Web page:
Another Blow to Mets’ Pitching Staff: Bobby Parnell’s Elbow
Take the “r-n-e” out of Parnell, and you have “pall,” which is what has been cast on the Mets—again—in the wake of the news that closer Bobby Parnell has a ligament injury to his elbow which may require surgery and might keep him out the entire 2014 season.
Taking Parnell’s arm out of the Mets’ bullpen, an area which has not been strength of this team, now looks like its biggest weakness once again.
The loss of a closer, who pitches about four innings a week, on average, should not be a death blow to a good franchise. The defending World Champion Red Sox went through not one, but two season-ending injuries to their first two closers in 2013 before settling on Koji Uehara, who ended up being far better than the two fallen relievers ever were.
The 2013 Cardinals began the season with Edward Mujica as their closer and finished it in the World Series with Trevor Rosenthal closing out games. The Dodgers began the season with Brandon League as their ninth-inning guy, and ended up in the National League Championship Series with Kenley Jansen as their closer. The Tampa Bay Rays have won 90-plus games in five of the last six seasons, and they’ve done so with a different closer almost every year.
Good teams plan for adversity and are prepared for it. But the Mets always seem to react to every setback as a ‘sky-is-falling’ catastrophe. If any franchise should be used to season-ending arm injuries to their pitchers by now, it’s the Mets.
Parnell entered the ninth inning of Monday’s opener against the Nationals protecting a one-run lead, but his first pitch was a fastball that only read 88 mph on the gun and was grounded hard into center field for a leadoff single by Ian Desmond.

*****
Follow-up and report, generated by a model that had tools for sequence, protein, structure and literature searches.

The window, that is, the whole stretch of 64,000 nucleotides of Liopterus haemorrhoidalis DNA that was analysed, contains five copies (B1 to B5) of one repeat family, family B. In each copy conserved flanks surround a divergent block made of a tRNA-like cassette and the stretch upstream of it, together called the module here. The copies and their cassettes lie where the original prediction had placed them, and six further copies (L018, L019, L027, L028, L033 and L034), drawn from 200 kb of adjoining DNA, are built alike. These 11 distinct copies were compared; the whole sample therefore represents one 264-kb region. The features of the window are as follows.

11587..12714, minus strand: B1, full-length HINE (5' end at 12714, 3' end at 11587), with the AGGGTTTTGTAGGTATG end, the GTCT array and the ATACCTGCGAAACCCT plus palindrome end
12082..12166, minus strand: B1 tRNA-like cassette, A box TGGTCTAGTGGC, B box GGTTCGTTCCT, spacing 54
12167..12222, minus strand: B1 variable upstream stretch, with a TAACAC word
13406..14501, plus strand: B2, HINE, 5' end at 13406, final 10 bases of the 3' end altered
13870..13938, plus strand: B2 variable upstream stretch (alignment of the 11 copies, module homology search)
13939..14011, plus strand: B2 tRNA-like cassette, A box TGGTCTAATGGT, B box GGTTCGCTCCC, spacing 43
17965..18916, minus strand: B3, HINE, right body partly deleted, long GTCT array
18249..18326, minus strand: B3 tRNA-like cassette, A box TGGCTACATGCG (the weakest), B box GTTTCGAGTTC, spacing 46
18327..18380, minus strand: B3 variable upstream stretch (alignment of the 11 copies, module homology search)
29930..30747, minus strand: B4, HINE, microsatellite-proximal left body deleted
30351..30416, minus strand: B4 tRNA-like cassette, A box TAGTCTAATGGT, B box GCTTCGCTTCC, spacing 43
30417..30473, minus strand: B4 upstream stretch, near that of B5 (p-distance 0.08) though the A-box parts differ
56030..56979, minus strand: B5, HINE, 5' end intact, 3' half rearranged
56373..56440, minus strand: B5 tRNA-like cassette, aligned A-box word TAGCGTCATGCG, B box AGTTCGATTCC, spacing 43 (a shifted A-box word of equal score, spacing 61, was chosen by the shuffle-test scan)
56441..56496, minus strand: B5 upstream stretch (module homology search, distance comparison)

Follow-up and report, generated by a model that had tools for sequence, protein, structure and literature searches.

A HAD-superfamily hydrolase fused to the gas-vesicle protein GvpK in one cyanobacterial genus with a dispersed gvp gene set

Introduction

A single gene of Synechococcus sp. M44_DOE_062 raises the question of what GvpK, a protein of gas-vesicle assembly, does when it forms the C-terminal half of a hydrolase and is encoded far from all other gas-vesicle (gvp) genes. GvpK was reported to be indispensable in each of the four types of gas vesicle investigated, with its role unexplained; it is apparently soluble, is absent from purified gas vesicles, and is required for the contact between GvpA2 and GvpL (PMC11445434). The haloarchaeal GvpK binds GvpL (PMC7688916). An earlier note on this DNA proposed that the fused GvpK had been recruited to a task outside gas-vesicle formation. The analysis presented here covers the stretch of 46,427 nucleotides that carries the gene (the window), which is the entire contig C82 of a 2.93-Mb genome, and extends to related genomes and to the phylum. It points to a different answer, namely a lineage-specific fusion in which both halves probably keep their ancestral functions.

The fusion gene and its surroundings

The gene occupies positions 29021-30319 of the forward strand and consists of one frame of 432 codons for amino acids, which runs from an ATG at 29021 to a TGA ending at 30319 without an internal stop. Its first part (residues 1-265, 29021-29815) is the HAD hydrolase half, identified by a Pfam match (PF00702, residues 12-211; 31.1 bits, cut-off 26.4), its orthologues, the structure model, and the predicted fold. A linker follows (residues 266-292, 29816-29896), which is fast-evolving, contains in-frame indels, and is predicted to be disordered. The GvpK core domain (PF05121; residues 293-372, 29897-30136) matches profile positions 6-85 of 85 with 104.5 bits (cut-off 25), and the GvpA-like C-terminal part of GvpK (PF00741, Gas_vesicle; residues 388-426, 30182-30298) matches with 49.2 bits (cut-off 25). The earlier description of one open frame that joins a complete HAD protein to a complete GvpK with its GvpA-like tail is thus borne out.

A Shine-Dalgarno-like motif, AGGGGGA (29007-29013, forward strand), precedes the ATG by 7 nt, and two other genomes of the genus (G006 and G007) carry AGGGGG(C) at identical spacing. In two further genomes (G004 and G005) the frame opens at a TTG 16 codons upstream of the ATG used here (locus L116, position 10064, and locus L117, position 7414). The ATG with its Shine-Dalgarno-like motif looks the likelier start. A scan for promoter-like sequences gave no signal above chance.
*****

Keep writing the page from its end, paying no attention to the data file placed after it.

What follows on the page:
The Mets’ broadcasters immediately raised the red flag at Parnell’s velocity—which had, in fact, been below his norm all spring training following his surgery on a bulging disc in his back last fall. The Mets should not have been taken by surprise that Parnell might be an injury risk.
Later in the inning, Parnell, who eventually allowed the tying run in a game the Mets lost 9-7, did get up to 94 mph on the gun, but at what price? Was he overthrowing to get to that level?—which is still a couple miles per hour less than what a healthy Bobby Parnell brings.
At any rate, Jose Valverde is the Mets’ closer for now, with Vic Black at Triple-A trying to work out his control problems and Jeurys Familia on the major league roster with a better fastball than either of them.
Whatever the case, if the Mets allow an injury that should not have surprised them to be an excuse to let yet another season be ruined, it would just underscore their weakness as a franchise.